Radiotherapy for CUP

Radiotherapy uses high-energy rays to treat disease. It can be given both externally and internally.

  • External radiotherapy uses a machine to aim high-energy x-rays at the affected area.
  • Internal radiotherapy involves having a radioactive substance placed inside the body.

Radiotherapy works by destroying cancer cells in the area that’s being treated. Normal cells can also be damaged by radiotherapy, which may cause side effects. Cancer cells cannot repair themselves after radiotherapy, but normal cells usually can.

You can be given radiotherapy for different reasons. Doctors can give radiotherapy to try and control the cancer. It may be used with other treatments, such as surgery or chemotherapy.

If the cancer has spread more widely, doctors may give you radiotherapy to help relieve symptoms, such as pain or breathlessness. This is called palliative treatment.

The type of radiotherapy you’re given will depend on your individual situation.

What is radiotherapy?

Radiotherapy uses high-energy rays, usually x-rays and similar rays (such as electrons), to treat disease. It destroys cancer cells in the area that’s treated.

Normal cells can also be damaged by radiotherapy. They can usually repair themselves, but cancer cells can’t.

Radiotherapy is carefully planned so that it avoids as much healthy tissue as possible. However, there will always be some healthy tissue that’s affected by the treatment and this will cause side effects.

Radiotherapy to control the cancer

Radiotherapy can help to shrink and control the cancer and relieve symptoms. If the cancer is in one area of lymph nodes, such as the neck, armpit or groin, you may have radiotherapy to try to cure the CUP. It may be given on its own or together with treatment, such as surgery. You will usually have this type of radiotherapy over a few weeks.

Palliative radiotherapy

If the cancer has spread more widely, you may have radiotherapy to relieve symptoms. This is called palliative radiotherapy. It is usually given as a shorter course of treatment that is less likely to cause side effects. Palliative radiotherapy can be used to treat the following symptoms:

  • Pain – Radiotherapy shrinks the cancer and relieves the pressure that’s causing the pain. It may take a few weeks before you feel the full effect of treatment. It can help relieve pain if the cancer has spread to the bones.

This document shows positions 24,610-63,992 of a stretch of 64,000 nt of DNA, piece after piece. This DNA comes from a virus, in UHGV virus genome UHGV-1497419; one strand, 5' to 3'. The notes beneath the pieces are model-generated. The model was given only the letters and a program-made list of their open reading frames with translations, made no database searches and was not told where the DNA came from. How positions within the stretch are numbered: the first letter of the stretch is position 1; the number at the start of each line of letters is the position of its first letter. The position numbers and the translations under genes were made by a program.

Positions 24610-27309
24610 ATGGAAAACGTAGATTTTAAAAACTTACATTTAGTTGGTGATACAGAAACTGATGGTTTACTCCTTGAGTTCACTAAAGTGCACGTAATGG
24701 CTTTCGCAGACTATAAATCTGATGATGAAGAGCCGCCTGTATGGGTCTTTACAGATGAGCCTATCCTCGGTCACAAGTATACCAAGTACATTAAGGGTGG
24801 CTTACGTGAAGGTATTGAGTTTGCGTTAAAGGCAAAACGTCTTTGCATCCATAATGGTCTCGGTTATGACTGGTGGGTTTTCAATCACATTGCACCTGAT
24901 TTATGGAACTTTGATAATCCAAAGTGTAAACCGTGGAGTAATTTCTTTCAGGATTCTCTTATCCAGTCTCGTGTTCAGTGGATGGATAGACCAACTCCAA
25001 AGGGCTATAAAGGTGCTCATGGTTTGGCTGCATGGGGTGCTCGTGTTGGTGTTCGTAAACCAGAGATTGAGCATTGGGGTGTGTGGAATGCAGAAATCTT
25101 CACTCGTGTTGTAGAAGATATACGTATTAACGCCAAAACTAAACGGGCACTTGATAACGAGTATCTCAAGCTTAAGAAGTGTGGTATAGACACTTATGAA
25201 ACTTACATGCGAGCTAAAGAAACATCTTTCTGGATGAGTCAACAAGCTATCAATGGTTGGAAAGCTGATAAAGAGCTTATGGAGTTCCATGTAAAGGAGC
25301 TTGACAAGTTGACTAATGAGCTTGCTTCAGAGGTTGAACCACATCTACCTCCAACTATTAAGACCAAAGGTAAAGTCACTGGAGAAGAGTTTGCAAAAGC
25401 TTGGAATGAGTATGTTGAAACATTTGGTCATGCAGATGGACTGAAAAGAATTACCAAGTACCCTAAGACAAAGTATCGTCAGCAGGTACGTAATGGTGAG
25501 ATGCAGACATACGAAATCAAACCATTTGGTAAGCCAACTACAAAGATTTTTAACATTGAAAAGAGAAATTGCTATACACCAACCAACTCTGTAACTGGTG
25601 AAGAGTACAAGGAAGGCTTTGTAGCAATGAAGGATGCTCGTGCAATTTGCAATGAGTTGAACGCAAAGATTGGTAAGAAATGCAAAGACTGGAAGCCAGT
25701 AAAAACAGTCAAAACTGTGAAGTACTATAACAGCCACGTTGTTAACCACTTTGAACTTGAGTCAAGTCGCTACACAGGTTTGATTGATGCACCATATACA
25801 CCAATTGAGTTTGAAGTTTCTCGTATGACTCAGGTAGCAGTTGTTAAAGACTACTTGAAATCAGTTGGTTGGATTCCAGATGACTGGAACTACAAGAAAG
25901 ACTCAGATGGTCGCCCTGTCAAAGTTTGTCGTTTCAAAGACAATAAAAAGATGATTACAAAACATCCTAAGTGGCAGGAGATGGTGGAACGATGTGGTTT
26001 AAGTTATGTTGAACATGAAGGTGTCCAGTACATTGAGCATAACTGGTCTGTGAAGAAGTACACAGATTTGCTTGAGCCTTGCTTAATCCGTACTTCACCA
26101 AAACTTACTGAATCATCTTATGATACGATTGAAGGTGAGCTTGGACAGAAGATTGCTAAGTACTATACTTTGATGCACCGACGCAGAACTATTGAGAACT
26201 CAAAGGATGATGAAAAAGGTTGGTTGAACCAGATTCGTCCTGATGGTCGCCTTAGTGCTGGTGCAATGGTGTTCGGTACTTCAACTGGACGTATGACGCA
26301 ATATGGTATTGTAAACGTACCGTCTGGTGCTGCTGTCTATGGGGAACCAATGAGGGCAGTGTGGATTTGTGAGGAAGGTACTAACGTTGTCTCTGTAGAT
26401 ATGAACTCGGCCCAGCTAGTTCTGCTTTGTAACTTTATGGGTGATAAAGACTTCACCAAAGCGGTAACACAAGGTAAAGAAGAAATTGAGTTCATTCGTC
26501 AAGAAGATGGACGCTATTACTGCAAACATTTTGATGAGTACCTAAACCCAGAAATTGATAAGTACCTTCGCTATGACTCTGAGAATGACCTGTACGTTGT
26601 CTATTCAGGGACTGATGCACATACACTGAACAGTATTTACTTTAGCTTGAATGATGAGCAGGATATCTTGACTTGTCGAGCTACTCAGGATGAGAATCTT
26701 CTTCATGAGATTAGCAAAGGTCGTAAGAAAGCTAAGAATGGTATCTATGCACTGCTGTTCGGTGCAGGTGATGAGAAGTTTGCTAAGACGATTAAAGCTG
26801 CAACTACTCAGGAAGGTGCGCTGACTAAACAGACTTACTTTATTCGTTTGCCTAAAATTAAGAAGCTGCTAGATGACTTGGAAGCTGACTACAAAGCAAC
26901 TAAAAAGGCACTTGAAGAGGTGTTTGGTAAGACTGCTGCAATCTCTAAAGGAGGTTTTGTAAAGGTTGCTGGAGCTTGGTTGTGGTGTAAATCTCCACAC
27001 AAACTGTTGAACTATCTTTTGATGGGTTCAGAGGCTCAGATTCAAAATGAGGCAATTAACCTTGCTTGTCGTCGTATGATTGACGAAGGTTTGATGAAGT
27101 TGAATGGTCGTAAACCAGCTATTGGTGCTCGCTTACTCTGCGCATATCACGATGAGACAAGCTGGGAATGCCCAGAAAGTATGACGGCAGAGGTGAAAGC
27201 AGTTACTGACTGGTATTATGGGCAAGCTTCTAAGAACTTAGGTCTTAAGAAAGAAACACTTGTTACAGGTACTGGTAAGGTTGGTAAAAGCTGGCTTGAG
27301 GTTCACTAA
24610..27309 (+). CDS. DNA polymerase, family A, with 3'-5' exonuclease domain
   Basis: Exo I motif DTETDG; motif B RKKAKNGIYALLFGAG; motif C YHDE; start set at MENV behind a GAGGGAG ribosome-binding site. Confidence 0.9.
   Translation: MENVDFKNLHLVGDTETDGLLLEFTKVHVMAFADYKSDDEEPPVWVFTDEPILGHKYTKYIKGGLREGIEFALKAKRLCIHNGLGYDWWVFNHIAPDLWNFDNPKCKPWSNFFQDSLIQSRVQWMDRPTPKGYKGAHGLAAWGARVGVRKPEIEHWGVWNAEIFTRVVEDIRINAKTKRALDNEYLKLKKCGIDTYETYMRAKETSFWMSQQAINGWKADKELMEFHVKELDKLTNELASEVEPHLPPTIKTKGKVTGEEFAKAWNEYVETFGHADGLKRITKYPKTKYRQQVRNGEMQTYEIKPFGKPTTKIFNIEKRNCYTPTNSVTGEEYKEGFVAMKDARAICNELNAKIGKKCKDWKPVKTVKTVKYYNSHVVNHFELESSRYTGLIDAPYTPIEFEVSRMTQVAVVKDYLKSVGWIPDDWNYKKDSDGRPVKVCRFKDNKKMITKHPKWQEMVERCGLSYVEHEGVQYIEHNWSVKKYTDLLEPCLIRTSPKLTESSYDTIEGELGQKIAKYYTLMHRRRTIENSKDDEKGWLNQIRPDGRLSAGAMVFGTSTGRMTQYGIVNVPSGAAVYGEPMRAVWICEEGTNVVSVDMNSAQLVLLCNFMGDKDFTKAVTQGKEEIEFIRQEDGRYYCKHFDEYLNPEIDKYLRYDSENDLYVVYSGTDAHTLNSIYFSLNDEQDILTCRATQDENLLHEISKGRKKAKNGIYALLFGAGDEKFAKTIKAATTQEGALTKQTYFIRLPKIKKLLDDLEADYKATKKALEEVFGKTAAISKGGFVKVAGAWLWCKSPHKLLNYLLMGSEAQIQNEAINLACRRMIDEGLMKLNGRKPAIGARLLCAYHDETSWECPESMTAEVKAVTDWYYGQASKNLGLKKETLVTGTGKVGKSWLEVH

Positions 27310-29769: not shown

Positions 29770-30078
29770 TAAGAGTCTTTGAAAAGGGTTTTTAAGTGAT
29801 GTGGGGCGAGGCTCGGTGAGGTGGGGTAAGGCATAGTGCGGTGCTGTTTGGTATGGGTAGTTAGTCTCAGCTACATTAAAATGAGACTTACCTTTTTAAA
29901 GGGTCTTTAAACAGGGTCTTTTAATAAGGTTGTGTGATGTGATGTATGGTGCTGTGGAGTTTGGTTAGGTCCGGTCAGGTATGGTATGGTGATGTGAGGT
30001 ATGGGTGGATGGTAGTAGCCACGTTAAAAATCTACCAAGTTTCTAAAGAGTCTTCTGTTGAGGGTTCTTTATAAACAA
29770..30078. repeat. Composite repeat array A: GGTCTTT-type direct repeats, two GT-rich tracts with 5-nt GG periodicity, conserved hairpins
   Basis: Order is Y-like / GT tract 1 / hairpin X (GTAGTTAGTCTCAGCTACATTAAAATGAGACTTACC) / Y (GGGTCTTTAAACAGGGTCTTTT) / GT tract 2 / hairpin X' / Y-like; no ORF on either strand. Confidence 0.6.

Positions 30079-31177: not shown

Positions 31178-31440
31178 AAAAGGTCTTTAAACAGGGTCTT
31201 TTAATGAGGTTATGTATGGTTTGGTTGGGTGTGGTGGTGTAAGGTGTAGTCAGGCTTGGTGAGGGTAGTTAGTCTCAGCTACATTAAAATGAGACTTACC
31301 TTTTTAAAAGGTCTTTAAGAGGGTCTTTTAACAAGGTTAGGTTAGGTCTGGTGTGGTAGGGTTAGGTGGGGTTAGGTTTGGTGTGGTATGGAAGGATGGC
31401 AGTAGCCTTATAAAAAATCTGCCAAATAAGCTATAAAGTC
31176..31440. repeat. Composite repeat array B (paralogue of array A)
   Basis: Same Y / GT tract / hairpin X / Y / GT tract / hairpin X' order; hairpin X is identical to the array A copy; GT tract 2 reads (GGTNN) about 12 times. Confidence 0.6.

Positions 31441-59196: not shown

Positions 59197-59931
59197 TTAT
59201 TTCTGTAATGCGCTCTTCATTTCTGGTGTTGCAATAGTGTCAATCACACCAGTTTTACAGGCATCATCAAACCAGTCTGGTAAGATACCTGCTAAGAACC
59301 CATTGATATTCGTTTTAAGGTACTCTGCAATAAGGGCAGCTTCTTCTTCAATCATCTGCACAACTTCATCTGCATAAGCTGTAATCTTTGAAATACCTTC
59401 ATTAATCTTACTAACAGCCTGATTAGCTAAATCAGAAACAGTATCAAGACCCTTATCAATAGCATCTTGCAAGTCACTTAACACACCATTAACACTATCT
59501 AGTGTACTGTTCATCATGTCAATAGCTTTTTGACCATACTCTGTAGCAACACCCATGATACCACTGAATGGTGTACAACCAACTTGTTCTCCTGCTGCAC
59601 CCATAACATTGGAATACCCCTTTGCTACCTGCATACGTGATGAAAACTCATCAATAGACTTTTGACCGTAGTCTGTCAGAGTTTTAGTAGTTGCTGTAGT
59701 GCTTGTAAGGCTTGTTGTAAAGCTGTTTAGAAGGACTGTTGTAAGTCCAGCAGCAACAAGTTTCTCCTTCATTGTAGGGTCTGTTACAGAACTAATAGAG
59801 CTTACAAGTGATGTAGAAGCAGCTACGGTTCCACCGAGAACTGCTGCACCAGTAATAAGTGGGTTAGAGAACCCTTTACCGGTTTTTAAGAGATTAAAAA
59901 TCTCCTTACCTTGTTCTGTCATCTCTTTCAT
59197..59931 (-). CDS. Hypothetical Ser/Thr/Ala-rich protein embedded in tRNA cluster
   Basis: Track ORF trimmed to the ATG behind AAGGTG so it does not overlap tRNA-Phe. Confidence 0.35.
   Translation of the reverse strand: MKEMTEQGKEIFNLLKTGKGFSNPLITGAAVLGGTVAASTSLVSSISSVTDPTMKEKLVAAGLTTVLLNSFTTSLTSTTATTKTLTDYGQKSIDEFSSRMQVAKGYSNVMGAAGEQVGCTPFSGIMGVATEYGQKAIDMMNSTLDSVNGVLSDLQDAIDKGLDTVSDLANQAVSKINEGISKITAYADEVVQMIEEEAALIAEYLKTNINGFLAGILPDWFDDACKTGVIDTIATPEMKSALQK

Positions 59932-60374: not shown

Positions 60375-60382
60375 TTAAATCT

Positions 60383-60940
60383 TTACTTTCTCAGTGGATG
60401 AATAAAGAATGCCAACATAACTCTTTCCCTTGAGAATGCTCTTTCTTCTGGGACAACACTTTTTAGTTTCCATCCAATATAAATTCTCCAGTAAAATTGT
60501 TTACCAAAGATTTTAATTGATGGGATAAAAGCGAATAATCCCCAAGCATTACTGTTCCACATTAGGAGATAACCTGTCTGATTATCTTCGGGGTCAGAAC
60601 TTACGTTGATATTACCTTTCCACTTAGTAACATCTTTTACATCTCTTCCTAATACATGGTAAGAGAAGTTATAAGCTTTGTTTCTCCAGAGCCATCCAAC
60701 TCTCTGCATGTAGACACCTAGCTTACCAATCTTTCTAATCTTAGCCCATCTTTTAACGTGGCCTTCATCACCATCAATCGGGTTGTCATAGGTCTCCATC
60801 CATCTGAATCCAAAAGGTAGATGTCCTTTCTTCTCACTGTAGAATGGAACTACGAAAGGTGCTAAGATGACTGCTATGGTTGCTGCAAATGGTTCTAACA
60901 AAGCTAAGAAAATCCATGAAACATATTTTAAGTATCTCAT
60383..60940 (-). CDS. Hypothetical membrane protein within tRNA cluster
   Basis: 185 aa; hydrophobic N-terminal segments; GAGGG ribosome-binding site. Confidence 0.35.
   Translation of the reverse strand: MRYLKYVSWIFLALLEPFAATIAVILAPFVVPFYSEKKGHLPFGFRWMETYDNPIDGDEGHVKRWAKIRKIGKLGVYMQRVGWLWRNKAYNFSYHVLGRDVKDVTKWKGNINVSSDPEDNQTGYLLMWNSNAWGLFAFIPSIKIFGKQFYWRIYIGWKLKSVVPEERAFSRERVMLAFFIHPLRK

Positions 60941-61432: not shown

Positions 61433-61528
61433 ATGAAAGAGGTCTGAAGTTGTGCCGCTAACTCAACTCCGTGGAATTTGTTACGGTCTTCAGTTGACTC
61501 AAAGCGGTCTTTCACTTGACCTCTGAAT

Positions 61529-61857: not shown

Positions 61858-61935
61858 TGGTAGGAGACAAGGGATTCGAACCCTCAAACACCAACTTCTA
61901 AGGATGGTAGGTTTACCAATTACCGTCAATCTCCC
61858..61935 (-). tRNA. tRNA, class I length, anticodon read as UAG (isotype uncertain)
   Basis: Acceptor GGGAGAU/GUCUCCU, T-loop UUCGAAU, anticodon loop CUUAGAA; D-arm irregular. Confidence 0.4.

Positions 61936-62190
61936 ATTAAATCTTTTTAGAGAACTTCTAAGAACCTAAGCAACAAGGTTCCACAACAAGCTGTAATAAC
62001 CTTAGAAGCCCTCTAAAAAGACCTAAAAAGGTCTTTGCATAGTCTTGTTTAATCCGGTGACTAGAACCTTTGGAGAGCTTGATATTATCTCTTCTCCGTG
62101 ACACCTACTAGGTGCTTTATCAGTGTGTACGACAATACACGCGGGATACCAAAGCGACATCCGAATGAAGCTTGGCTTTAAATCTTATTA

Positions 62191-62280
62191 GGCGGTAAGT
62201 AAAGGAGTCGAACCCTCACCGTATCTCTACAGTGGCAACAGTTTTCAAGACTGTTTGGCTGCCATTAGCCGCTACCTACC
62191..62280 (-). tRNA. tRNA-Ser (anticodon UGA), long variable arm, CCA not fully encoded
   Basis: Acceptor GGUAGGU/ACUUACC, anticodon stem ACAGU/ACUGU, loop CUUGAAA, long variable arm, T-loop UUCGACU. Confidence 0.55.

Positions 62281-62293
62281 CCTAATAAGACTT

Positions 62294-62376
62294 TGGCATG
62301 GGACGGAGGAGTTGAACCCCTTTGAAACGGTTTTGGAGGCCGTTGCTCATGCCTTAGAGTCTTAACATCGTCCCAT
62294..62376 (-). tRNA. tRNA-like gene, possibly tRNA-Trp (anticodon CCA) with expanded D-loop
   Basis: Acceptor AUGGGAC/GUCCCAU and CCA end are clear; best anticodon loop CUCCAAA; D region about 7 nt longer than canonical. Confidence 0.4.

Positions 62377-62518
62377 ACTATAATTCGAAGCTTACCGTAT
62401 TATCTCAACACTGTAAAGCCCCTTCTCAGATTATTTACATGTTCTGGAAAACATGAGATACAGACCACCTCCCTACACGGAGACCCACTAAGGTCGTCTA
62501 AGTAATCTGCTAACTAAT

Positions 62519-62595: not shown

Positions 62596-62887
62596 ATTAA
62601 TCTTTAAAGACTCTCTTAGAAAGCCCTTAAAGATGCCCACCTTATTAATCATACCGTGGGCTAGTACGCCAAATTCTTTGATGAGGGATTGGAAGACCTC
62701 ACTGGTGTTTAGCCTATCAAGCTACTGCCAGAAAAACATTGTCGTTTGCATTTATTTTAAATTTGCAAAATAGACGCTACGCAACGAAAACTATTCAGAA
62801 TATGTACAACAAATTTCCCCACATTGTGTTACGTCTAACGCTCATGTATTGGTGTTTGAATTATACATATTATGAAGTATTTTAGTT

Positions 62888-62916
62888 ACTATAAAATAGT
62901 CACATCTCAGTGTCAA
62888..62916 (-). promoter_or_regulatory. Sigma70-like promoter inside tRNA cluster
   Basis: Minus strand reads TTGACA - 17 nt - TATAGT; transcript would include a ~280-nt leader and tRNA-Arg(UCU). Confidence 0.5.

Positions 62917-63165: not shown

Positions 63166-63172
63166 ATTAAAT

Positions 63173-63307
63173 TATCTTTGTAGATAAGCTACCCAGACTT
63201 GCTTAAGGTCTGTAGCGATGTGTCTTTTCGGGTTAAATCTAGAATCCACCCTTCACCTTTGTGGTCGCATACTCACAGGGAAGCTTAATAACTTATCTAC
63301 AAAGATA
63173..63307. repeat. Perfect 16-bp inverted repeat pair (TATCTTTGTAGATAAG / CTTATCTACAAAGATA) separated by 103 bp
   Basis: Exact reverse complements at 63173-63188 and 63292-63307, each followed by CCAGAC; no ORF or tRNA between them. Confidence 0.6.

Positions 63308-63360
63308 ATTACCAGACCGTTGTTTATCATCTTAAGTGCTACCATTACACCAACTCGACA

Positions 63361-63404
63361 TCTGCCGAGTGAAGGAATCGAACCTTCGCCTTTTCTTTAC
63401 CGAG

• Breathlessness – Radiotherapy may relieve breathlessness if the cancer is affecting your lungs.
  • Difficulty swallowing – Radiotherapy can help with swallowing difficulties by shrinking a cancer that’s pressing on the gullet (oesophagus).
  • Bleeding – Radiotherapy may help to stop or reduce any bleeding that might be caused by a cancer in the bowel, cervix or womb.
  • Brain swelling – Radiotherapy can be used to treat a secondary cancer in the brain. It reduces swelling and can help to relieve symptoms.

How radiotherapy is given

Radiotherapy can be given in two ways.

External radiotherapy

This is the most common way of giving radiotherapy.

You normally have it as a series of short, daily (Monday to Friday) outpatient treatments in the radiotherapy department. It is given using equipment similar to a large x-ray machine.

Sometimes a single treatment is all that is needed, or you may have a course of treatment. Each treatment takes 10 to 15 minutes. Your doctor will discuss the treatment and possible side effects with you. We have more information about having external radiotherapy.

Internal radiotherapy (brachytherapy)

Brachytherapy involves having a radioactive substance placed close to, or into, the tumour. It gives a high dose of radiotherapy directly to the tumour but only a low dose to the surrounding area. The radioactive substance may be left in the body for only a short time, or it may be left there permanently. If it is left inside the body permanently, the radioactivity gradually fades away over a short time.

Some people will have both external and internal radiotherapy.

Internal radiotherapy isn’t commonly used to treat CUP. Your cancer specialist will explain more about internal radiotherapy if it is an option for you.

Planning your radiotherapy

Radiotherapy has to be carefully planned to make sure it is as effective as possible. It is planned by a cancer specialist (clinical oncologist) and it may take a few visits.

On your first visit to the radiotherapy department, you will be asked to have a CT scan or lie under a machine called a simulator, which takes x-rays of the area to be treated.

You may need some small marks made on your skin to help the radiographer (who gives you your treatment) position you accurately and to show where the rays will be directed. These marks must stay visible throughout your treatment, and permanent marks (like tiny tattoos) are usually used. These are extremely small, and will only be done with your permission. It may be a little uncomfortable while they are done.

Treatment sessions

At the beginning of each session of radiotherapy, the radiographer will position you carefully on the couch and make sure you are comfortable. During your treatment you will be alone in the room, but you can talk to the radiographer who will watch you from the next room.

Radiotherapy is not painful, but you will have to lie still for a few minutes during the treatment.

Back to Radiotherapy explained

Before your radiotherapy

Before you start radiotherapy, your team will explain what your treatment involves and how it may affect you.

Your radiotherapy team

You will meet many different specialists from your radiotherapy team. You may see them before, during and after radiotherapy treatment.

After treatment

It can take time to recover from radiotherapy. Support is there if you have any problems.